Recent market trauma makes the notion of an ‘absolute return’ fund an attractive prospect. They often promise you lower risk than equity funds with better returns than the likes of cash and a low correlation to broader markets – especially when they fall. Global equity markets have been gripped by volatility so far this year, making the search for effective diversifiers more urgent.
Unfortunately, many so-called absolute return strategies fail to consistently deliver their target performance while charging high fees for their efforts. Of the 101 funds in the Investment Association’s Targeted Absolute Return sector with a three-year track record, more than a quarter have suffered losses over three years, says Dzmitry Lipski, head of funds research at Interactive Investor.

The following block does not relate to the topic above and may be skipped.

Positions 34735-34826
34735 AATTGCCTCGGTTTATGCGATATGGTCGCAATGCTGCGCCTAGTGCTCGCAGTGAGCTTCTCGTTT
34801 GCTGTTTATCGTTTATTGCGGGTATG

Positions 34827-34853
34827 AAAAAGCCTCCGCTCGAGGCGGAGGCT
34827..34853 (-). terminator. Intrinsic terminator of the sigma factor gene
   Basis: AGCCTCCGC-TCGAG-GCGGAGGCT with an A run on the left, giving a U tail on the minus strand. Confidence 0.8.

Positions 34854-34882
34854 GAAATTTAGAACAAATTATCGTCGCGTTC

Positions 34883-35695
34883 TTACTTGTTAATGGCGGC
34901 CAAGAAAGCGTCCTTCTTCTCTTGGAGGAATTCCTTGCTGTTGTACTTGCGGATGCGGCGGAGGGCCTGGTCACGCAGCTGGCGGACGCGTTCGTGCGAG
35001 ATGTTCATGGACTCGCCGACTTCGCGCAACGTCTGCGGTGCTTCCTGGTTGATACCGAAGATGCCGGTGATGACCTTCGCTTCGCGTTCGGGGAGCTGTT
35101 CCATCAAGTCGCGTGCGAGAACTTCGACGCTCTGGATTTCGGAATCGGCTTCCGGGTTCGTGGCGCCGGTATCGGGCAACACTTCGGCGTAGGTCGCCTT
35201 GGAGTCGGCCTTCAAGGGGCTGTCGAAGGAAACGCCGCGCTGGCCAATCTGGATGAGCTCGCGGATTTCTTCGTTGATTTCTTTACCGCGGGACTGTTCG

That said, some funds have managed to perform broadly in line with their promises and can work well within a portfolio. Darius McDermott, managing director at Chelsea Financial Services, says you should lose “much less” with a suitable absolute return fund in times of volatility and allocates 15 per cent to such strategies in a cautious portfolio run by his firm. But the variety of outcomes, and the disparate make-up of the sector itself, means finding the right fund is no easy task.